Progressive Joins Ranks of Employers Abandoning Salary History Questions

Progressive Joins Ranks of Employers Abandoning Salary History Questions

Major US companies are continuing to drop the practice of asking job candidates for their salary histories nationwide in response to the proliferation of state and local laws barring them from doing so. The Progressive Corporation plans to add more than 7,500 new hires to its workforce in 2018, and won’t be asking any of them about their prior salaries as part of the process of setting compensation, the company announced in a press release last week:

Progressive recently decided it would no longer ask applicants about their salary history. “We’ve always based our pay on market research,” [Chief Human Resources Officer Lori] Niederst said. “We hope this change will give candidates who apply for our jobs confidence that they will be paid based on what they bring to Progressive, regardless of whether their previous employers paid them fairly.”

The Ohio-based automobile and homeowner’s insurance provider currently employs more than 33,000 people in almost 400 offices throughout the US. The company plans to hire extensively this year in Austin, Cleveland, Colorado Springs, Phoenix, Sacramento, and Tampa. Only one of these locations (Sacramento, California) is subject to a law prohibiting employers from inquiring about candidates’ salary histories, but Progressive is dropping these inquiries everywhere.

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Survey: Business Optimism Could Translate to Bigger Raises This Year

Survey: Business Optimism Could Translate to Bigger Raises This Year

Previous surveys have predicted that most US employees will receive a small increase in their base pay this year, averaging about 3 percent, though high performers can expect a bit more as organizations shift their compensation strategies toward greater differentiation. That 3 percent raise appears to have become standard in recent years for the average employee, as a 4 or 5 percent annual raise once was.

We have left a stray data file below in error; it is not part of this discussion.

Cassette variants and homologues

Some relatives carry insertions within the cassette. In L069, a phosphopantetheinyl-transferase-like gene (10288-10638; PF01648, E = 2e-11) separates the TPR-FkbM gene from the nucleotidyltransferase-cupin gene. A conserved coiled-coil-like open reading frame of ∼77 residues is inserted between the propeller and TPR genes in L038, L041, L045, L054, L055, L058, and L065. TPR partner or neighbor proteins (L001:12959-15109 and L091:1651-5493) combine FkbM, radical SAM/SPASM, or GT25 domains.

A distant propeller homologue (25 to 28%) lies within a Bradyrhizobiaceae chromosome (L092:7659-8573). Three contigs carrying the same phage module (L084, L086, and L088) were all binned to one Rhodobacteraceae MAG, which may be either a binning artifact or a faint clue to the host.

A new survey of CEOs and CFOs from PwC, however, suggests that raises might be a bit higher than expected this year: The consultancy’s Q4 2017 Trendsetter Barometer report, based on interviews with 300 CEOs and CFOs during the last quarter of 2017, found that these leaders expect to raise wages by an average of 4.27 percent in the coming year, compared to the 3.39 percent figure PwC found in Q3 and just 2 percent a year ago. The last time panelists projected average wages would rise above 4 percent was during the second quarter of 2007, the report notes.

Plans for growth are also on the upswing, with 56 percent of the leaders surveyed saying they intended to hire new employees in the coming year, compared to 49 percent who said so in Q3. PwC attributes these bullish plans for 2018 to higher levels of business confidence and optimism about the future of the US economy, with 79 percent of leaders expressing optimism, a notable increase from 59 percent at the end of 2016.

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Will Corporate Tax Cuts Give American Workers a Raise This Year?

Will Corporate Tax Cuts Give American Workers a Raise This Year?

The “Tax Cuts and Jobs Act” passed by the US Congress last month, which lowered taxes on corporate profits and most employees’ salaries, has a number of implications for employers, affecting payroll withholding as well as the tax treatment of executive pay and some employee benefits. One of the arguments the Trump administration and Congressional Republicans advanced for the tax cuts, which were historically unpopular among the American public, was that lowering the corporate tax rate would incentivize companies to use their tax savings to invest in their workforce, giving millions of employees a much-needed raise.

While several large employers announced plans to issue bonuses to employees, raise wages, or make other business investments after the tax reform bill was passed, most companies have indicated in earnings calls and surveys that they plan to parlay most of their tax cuts into debt repayment, dividends, and stock buybacks. Corporate America, Solutionomics founder Chris Macke argued in an op-ed at the Hill in December, was already sitting on large piles of cash and not prioritizing business investment due to insufficient demand. Companies, he wrote, need more customers more than they need more cash.